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Using python to extend a python app

P: n/a
I'm writing a python app that works as a replacement for the menu that
comes with most minimalist wms when you right click the root window.
It's prettier and written completely in python.

I'd like to provide hooks or some system so that people can write their
own extensions to the app, for example adding fluxbox options, and then
fluxbox users can choose to use that extension. But I'm not sure how to
implement it.

Right now the best idea I have is to have all desired extensions in a
folder, import each .py file in that folder as a module using
__import__, and then call some predetermined method, say "start", and
pass it the menu as it exists so far so they can add to it, start(menu).
This seems kind of hackish.

I looked at how gdesklets handles this, but its solution looks way more
complex than I'd prefer to have to dive into for this tiny app.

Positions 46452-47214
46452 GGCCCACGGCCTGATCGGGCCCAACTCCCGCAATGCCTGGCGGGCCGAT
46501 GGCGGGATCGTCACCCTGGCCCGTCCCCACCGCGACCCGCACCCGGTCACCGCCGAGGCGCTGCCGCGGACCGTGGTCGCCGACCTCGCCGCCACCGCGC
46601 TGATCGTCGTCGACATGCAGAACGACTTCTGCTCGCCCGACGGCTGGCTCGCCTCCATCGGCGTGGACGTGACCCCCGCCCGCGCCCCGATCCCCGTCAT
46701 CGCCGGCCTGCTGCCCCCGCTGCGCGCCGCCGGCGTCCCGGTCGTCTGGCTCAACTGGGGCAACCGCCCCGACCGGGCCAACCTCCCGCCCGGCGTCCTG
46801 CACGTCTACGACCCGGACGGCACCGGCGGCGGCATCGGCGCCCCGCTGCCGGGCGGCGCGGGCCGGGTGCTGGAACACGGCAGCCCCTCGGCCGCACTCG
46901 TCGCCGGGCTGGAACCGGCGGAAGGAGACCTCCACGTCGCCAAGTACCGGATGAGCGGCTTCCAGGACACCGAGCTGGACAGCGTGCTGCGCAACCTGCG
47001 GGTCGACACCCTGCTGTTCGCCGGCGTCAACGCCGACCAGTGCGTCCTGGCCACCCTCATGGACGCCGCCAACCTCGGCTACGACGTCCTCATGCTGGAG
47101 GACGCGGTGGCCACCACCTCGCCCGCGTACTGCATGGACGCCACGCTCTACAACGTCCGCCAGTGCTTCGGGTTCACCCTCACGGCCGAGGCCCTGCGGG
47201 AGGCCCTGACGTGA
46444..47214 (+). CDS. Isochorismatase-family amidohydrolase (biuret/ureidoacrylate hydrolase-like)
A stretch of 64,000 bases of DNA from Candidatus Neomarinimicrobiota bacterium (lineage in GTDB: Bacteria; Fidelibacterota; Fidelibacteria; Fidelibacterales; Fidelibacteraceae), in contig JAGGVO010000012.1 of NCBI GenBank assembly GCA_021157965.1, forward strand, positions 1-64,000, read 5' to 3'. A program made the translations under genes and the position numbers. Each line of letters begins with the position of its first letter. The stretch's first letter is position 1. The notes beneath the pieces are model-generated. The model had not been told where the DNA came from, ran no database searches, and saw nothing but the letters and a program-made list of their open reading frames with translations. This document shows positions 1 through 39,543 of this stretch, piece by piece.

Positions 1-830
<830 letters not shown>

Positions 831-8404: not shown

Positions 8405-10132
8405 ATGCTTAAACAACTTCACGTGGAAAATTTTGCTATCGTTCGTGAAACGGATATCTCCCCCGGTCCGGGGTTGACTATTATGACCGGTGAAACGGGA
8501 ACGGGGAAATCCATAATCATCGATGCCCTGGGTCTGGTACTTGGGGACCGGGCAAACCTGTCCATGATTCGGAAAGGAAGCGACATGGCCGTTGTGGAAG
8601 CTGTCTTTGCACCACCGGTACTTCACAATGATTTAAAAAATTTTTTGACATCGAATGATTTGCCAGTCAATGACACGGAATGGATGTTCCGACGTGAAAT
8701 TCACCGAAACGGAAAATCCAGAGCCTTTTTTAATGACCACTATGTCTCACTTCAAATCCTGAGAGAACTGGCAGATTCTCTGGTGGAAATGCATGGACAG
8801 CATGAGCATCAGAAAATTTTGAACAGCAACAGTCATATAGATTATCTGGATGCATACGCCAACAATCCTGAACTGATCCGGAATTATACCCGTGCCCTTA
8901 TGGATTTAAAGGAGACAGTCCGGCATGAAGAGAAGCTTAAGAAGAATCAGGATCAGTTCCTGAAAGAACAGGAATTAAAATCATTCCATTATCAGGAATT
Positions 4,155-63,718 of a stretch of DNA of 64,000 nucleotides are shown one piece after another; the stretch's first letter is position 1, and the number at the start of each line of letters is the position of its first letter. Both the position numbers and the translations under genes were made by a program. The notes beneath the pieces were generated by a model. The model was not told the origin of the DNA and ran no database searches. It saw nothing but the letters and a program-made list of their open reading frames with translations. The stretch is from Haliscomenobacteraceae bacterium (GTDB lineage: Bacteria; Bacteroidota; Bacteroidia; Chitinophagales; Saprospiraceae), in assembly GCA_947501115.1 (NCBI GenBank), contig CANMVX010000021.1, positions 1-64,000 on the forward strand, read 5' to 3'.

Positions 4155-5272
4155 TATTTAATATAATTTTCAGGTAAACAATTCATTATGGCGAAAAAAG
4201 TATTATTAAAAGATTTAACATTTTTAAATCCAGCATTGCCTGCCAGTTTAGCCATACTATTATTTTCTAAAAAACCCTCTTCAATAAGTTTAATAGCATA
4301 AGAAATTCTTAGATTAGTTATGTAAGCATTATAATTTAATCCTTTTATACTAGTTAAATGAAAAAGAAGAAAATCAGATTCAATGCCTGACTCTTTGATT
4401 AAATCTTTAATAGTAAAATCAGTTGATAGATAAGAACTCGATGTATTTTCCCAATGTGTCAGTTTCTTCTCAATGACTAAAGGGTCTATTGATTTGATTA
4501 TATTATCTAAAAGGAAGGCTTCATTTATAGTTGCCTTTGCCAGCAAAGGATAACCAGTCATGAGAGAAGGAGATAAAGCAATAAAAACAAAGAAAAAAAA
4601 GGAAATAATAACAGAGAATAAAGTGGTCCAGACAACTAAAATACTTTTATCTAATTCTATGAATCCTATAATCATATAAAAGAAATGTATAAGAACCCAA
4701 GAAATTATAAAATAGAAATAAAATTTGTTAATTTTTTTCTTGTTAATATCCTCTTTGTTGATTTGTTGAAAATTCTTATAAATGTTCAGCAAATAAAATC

What's the most pythonic way to do this? How do apps that extend
themselves with python usually do this?
Jul 18 '05 #1
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P: n/a
dataangel <k0*****@kzoo.edu> writes:
I'm writing a python app that works as a replacement for the menu that
comes with most minimalist wms when you right click the root window.
It's prettier and written completely in python.

I'd like to provide hooks or some system so that people can write
their own extensions to the app, for example adding fluxbox options,
and then fluxbox users can choose to use that extension. But I'm not
sure how to implement it.

Right now the best idea I have is to have all desired extensions in a
folder, import each .py file in that folder as a module using
__import__, and then call some predetermined method, say "start", and
pass it the menu as it exists so far so they can add to it,
start(menu). This seems kind of hackish.


That looks pretty reasonable, and easy. There have been some recent
threads (in the past month or so) on plugins, so you might want to
search the archives. Most of it's revolved around not using exec :-)

I just had a look at pyblosxom (one program that I know that uses
plugins), and it uses exactly this approach, with some extra frills:
looking in subdirectories, for instance.

--
|>|\/|<
/--------------------------------------------------------------------------\
|David M. Cooke
|cookedm(at)physics(dot)mcmaster(dot)ca
Jul 18 '05 #2

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